A young man in the United Kingdom is doing something incredible for his fellow city dwellers. Just don't try to give him credit for it.
The night is late and cold. The press of people that navigate Birmingham in daylight have already gone home to have dinner with their families and tuck their children into bed.
Many of those who remain on the streets will be sleeping there, and their eyes visibly widen as they're approached by a 20-year-old do-gooder clad head-to-toe in a familiar red and blue costume. He hands them sandwiches, free of charge.
One woman asks the question everyone's thinking: "Who's under the Spider-Man mask?"
The answer? It's still a mystery, and a fascinating one at that.
So this young, anonymous Spidey's work is pretty important.
The Birmingham Spiderman — as he's known in the press and on his Facebook page — works in a bar by day, but by night he trades in his street clothes for something a little more fitting for a superhero. After a quick change in the alley behind his work, he heads out into the city to deliver sandwiches to the hungry.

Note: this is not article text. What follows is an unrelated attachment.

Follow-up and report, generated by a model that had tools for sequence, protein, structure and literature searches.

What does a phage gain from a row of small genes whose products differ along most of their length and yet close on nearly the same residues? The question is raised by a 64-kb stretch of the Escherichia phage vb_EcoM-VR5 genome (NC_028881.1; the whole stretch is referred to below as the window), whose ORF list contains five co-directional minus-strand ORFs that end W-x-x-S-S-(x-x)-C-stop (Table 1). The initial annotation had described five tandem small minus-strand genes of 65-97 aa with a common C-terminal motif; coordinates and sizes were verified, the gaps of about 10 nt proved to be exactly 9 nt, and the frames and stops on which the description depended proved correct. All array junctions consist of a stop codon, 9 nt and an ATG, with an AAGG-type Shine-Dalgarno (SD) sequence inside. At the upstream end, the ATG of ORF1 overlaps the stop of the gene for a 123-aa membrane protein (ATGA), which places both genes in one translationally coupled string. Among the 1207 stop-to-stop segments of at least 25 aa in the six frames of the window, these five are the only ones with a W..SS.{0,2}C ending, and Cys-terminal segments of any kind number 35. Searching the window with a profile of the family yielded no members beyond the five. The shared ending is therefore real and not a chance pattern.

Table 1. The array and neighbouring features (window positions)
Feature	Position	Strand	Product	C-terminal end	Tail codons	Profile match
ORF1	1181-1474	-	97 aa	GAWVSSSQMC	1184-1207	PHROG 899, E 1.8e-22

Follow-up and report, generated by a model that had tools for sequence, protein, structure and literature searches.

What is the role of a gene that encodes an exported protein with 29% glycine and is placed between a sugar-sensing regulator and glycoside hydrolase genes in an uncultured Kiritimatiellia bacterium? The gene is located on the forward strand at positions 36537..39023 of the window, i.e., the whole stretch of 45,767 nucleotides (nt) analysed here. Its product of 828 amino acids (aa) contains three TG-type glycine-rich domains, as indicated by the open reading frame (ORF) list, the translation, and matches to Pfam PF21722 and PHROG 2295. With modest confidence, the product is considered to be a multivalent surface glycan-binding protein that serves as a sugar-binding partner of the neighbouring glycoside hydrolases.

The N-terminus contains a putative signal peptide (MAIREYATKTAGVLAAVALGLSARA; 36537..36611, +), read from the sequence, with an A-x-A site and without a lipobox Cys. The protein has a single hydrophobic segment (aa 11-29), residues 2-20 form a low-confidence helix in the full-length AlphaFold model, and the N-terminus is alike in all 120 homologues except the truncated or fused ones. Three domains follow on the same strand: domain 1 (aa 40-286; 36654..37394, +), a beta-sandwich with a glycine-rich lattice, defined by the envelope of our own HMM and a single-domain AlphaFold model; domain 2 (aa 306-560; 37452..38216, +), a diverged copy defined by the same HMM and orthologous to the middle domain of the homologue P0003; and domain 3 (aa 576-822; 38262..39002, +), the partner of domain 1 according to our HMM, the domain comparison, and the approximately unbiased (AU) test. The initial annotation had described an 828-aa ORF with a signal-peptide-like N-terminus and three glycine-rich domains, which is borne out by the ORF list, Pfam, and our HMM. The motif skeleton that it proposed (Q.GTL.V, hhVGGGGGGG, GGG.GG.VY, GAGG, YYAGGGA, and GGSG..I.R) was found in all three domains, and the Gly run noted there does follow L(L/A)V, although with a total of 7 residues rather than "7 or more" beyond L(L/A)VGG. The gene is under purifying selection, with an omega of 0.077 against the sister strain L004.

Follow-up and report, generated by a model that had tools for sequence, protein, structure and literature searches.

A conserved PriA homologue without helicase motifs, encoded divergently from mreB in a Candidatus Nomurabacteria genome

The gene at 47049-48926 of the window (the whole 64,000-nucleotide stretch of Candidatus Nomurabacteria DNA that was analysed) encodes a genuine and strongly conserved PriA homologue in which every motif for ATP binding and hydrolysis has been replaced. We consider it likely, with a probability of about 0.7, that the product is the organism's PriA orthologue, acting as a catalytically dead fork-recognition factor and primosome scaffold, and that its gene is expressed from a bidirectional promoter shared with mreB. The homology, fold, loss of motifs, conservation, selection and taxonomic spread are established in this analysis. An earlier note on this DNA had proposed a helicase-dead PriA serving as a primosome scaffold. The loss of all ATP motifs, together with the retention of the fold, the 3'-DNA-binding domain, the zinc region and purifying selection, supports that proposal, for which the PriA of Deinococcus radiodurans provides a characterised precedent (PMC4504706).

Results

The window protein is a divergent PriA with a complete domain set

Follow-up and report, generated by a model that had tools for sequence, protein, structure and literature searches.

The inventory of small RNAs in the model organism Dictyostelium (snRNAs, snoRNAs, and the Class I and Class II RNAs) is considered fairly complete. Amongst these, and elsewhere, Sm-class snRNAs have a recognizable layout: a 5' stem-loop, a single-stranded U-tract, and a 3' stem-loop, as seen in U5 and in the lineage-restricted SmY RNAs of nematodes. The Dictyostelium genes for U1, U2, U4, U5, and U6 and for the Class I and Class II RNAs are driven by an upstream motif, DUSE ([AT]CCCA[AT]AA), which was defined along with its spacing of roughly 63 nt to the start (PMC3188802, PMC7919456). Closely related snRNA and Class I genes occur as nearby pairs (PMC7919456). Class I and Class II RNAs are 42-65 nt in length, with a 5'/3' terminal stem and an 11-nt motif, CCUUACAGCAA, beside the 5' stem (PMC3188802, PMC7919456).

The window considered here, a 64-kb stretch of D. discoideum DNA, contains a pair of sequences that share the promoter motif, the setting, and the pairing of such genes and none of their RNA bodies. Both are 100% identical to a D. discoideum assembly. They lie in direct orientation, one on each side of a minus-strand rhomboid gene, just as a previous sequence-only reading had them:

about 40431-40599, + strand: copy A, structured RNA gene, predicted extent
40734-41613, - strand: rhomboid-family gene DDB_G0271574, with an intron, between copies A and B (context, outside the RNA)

"Dressing as my other childhood hero, my dad, probably wouldn't have had the same impact," he told the local edition of Time Out.
Literally no one knows who he really is.
While it's safe to say that most people would prefer a clap on the back for their hard work and donated time, like many a caped crusader before him, the Birmingham Spiderman just isn't interested. He'd rather focus on doing good.
The International Business Times reports that the 20-year-old hasn't told anyone about his secret identity.
"No one knows who I am," he told the publication. "Not my family, not my friends. I was anonymous before and I am still now."
Which is pretty incredible.
With the amount of recognition his costumed outreach is getting, it would be completely understandable for him to want some credit. But he doesn't.
"Before when I was handing out food, no one would take a second look," he told The Huffington Post. "But when they see Spider-Man handing out the food they come over and ask what I'm doing and are really interested. Most importantly [they] become inspired to get involved themselves."